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About The Hesperian / (Lincoln, Neb.) 1885-1899 | View Entire Issue (May 1, 1893)
Issued semi-monthly by the Hkspeman Association of the Univer
sity of Nebraska.
PAUL PIZEY, '93 Managing Editor
CH AS. F. STROM AN, '93 Editori al
MISS WILLA CATHER, '95 Literary
E. C. STRODE, '93 Law Literary
SCHUYLER MILLER, '95 Alumni
H. S. LORD, '93 Athletics
G. F. FISHER, '94 Exchange
ADAM McMULLEN, '96 j T At
L. C. OBERLIES, '95 ( OCAL
C. L. TALLMADGE Business Manager
terms of subscription.
One copy, per college year (in advance) $1 00
One copy, one semester 60
Advertising Rates on Application.
alumni and ex-students.
Special endeavor will be made to make The Hesper
ian interesting to former students. Please send us your
."Subscriptions on our books will be continued
until ordered stopped.
Address all communitions to The Hesperian, Uni
versity of Nebrcska, Lincoln, Neb.
PALLADIAN LITERARY SOCIETY.
H. G. Barber, Pres. Annie Treat; Secy.
UNIVERSITY UNION LITERARY SOCIETY.
D. N. Lehmer, Pres. H. A. Senter, Sec' .y
DELIAN LITERARY SOCIETY.
John P. Williams, Pres. Myrtle Barnes, Sec'y.
philomathian literary society.
R. A. Barnes, Pres. Maude Cleghorn, Sec'y.
university y. m. c. a.
L. G. Thayer, Pres. F. V. Tucker. Sec'y.
university y. w. c. a.
Miss Bessie Merrill, Pres. Miss Emma Boose, Sec'y.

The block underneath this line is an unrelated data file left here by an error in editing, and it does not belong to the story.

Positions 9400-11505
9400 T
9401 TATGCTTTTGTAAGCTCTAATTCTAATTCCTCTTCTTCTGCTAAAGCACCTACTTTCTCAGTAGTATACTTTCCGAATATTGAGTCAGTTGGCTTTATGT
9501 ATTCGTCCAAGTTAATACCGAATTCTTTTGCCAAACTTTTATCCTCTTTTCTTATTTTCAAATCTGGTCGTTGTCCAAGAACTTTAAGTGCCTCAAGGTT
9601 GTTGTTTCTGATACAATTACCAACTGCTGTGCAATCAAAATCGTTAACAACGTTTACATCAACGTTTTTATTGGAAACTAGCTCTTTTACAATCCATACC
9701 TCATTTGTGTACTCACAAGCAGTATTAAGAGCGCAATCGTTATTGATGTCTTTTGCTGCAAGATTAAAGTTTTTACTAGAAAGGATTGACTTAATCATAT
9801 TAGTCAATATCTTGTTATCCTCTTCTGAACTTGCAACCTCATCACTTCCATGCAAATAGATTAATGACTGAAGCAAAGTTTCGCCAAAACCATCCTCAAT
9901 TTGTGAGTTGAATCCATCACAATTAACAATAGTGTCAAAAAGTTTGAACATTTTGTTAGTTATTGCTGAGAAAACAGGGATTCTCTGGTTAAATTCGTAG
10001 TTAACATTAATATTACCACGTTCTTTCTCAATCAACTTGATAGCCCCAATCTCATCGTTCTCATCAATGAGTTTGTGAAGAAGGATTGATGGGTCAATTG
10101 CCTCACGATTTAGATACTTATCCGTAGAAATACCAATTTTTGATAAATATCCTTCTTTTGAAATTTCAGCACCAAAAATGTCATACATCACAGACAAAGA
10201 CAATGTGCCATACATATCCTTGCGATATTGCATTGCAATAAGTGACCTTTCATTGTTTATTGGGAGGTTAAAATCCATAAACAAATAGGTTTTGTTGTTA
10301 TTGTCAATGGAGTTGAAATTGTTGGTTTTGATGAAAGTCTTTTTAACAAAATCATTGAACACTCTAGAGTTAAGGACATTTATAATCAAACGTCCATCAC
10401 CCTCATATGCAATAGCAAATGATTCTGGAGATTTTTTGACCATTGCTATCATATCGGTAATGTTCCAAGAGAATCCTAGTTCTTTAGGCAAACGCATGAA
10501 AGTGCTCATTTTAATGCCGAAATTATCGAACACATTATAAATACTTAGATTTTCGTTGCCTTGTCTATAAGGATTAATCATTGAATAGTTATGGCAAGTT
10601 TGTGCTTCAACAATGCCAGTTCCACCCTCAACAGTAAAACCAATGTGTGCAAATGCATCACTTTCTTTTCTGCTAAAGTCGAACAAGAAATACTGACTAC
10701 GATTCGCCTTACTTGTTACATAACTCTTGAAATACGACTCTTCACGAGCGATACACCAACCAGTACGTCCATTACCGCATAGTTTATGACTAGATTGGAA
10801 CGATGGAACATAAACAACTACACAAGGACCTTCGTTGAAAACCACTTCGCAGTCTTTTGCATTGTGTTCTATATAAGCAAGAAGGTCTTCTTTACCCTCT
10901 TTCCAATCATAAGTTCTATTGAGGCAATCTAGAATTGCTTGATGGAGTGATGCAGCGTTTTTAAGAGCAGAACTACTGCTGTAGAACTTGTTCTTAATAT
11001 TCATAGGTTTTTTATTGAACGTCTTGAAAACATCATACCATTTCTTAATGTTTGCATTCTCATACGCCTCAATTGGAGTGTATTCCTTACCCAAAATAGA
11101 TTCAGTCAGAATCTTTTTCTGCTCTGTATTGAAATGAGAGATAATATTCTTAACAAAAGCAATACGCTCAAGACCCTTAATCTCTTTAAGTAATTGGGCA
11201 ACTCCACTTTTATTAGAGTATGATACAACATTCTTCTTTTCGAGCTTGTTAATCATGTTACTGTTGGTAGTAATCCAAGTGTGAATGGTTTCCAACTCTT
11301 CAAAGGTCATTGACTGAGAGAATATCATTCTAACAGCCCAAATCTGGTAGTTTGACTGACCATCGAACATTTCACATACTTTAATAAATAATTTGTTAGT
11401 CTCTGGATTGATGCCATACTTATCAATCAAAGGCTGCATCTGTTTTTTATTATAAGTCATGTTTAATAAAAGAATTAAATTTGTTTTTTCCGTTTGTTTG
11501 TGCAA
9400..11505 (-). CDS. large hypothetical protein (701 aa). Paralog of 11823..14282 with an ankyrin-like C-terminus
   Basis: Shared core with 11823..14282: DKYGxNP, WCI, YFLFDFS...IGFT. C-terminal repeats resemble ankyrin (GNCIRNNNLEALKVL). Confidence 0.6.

Chas. F. Stroman, Pres. Fred Barnes, Secy.
Rufus Bentley, Pres. Adam McMullen, Secy.
H. A. Senter, Pres. H. G. Barber, Secy,
UNIVERSITY of NEBRASKA.
LINCOLN, NEBRASKA, MAY i, 1893.
There is much dissatisfaction expressed
regarding the management of tho reception
given to the Ann Arbor students. Tho
complaint is so general, in fact, that The
Hesperian considers it best to mention the
matter. The ground for ill-feeling seems
to bo this: that the students have been sys
tematically excluded from every University
ovont of general interest. While the Uni
versity authorities wore in no way responsi
ble for tho distribution of invitations, still it
is tho general feeling that tho reception
might have heen hold in the armory and
thus have allowed all tho students to attend.
In an affair of that kind it seems to us more
important by far that tho students should be
represented than that invitations should be
lavished upon Lincoln society people.
TJie University of Nebraska unquestion
ably affords splendid opportunities for in
tellectual culture. Tho faculty includes men
of national repute, both as educators and as
scholars; but whore, within the jurisdiction
of the University, can a student obtain the
other essential of a well-rounded education,
namely: social culture? Understand, that
we do not mean by social culture, dexterity
in using ono's pedal extremities or the
auility to emit an endless quantity of vapid
inanities. What wo mean by social culture
is an ease of bearing, a grace and facility of
expression that under all circumstances
stamps a man as a gentleman. Such polish
can be attained only through social inter
course with older and more experienced peo
ple. Wo ask again, whore do our students
find such opportunities ?
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